Nonviolence, Peace Spirituality

Honoring Franz Jagerstatter, Martyr of Conscience

by Gustav Nystrom
Pax Christi Northern California, USA

Recently I spent ten days in Austria, mainly participating in the tenth anniversary of Franz Jagerstatter’s official recognition as a martyr and blessed from Austria.

In 1938, Hitler’s Germany invaded the first of many European countries, Austria. That event is known as the “anschlus”. Shortly afterwards, Germany started drafting Austrian men into their military. A refusal to accept the draft was punishable by decapitation.

In his early years, Franz Jagerstatter was a normal fellow whose claim to local fame was that he owned the only motorcycle in his hometown of St. Radegund. He was somewhat wild, and when he met and married Franziska, his life turned in a major way. He became much less wild and quite religious. He became the sacristan at the local Catholic church in St. Radegund.

Franz received his draft notice and went through a process involving Franziska, his local priest, two bishops, and numerous friends in town. In the end, he decided (with Franziska’s consent) to refuse the military draft because he firmly believed that Hitler was a very bad man and Franz’s conscience did not allow him to serve for such a man. He did this even though he was the father of three young girls and the draft refusal by one “ordinary” man was most unlikely to have an effect on humanity.

After his decapitation, Franz’s refusal received no attention until Gordon Zahn (professor of sociology and founding member of Pax Christi USA) took enough interest in this conscientious objector case and wrote the 1964 book called, “In Solitary Witness”. Many people read the book, and eventually the Vatican agreed with the bishops of Austria and Germany that Franz was truly a martyr and blessed. The corresponding commemoration took place in the Linz area in May of 2007. In the ten-year memory of those events, a series of activities were recently carried out in the Linz area of northern Austria, in which I gladly participated.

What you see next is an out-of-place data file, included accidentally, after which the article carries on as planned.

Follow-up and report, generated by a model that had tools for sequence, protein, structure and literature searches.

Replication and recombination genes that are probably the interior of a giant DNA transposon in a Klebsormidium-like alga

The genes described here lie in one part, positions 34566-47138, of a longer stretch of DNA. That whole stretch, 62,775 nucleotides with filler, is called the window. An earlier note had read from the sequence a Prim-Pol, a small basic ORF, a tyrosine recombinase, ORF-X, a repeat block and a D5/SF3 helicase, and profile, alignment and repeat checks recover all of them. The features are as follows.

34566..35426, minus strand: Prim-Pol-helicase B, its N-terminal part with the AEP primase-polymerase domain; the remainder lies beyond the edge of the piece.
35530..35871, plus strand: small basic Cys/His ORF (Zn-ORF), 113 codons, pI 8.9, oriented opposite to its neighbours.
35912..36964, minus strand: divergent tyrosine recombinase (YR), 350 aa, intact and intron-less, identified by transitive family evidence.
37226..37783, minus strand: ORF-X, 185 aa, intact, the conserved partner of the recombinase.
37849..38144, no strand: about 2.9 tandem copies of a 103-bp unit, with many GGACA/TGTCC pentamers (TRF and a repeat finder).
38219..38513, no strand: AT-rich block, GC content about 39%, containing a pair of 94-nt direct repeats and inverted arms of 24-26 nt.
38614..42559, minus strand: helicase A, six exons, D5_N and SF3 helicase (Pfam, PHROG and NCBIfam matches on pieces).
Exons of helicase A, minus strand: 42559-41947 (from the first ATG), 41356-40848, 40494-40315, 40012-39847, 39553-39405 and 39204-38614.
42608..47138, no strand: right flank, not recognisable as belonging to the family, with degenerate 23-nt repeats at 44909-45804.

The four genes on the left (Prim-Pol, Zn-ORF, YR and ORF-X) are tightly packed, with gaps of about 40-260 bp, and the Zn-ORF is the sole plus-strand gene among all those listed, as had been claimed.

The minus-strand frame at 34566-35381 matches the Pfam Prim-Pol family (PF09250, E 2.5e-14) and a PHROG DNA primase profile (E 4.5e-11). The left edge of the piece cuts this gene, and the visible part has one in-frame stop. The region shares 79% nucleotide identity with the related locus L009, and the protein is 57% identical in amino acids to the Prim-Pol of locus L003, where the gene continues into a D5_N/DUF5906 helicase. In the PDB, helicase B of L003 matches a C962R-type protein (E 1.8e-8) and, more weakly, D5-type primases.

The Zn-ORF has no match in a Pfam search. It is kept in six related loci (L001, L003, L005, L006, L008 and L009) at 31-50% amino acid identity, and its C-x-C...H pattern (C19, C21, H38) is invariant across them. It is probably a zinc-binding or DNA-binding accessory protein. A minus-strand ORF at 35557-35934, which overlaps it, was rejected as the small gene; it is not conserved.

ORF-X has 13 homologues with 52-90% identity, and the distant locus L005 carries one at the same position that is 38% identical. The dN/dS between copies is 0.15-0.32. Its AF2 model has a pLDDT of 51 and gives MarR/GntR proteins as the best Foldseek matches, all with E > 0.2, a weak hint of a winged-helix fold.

St. Radegund is a beautiful and quiet village of about 500 residents. The country houses are widely spread out over lovely farm land; many of the houses carry out activities such as farming and raising cattle and pigs in the rear of the property. There is only one store in town, and the public part of the store has the size of a medium closet.

I developed a very good relationship with the local pastor (Josef Steinkellner) during my brief stay. Over the ten days’ time, our group went on several pilgrimage walks remembering Franz and the Virgin Mary’s month of May. On one particular 8-km walk, the only participant from the American continent was asked to share some words about the Virgin Mary with the fifty participants from Europe. I said some words about love for the Virgin of Guadalupe and la Virgen de la Caridad del Cobre (from my home country of Cuba).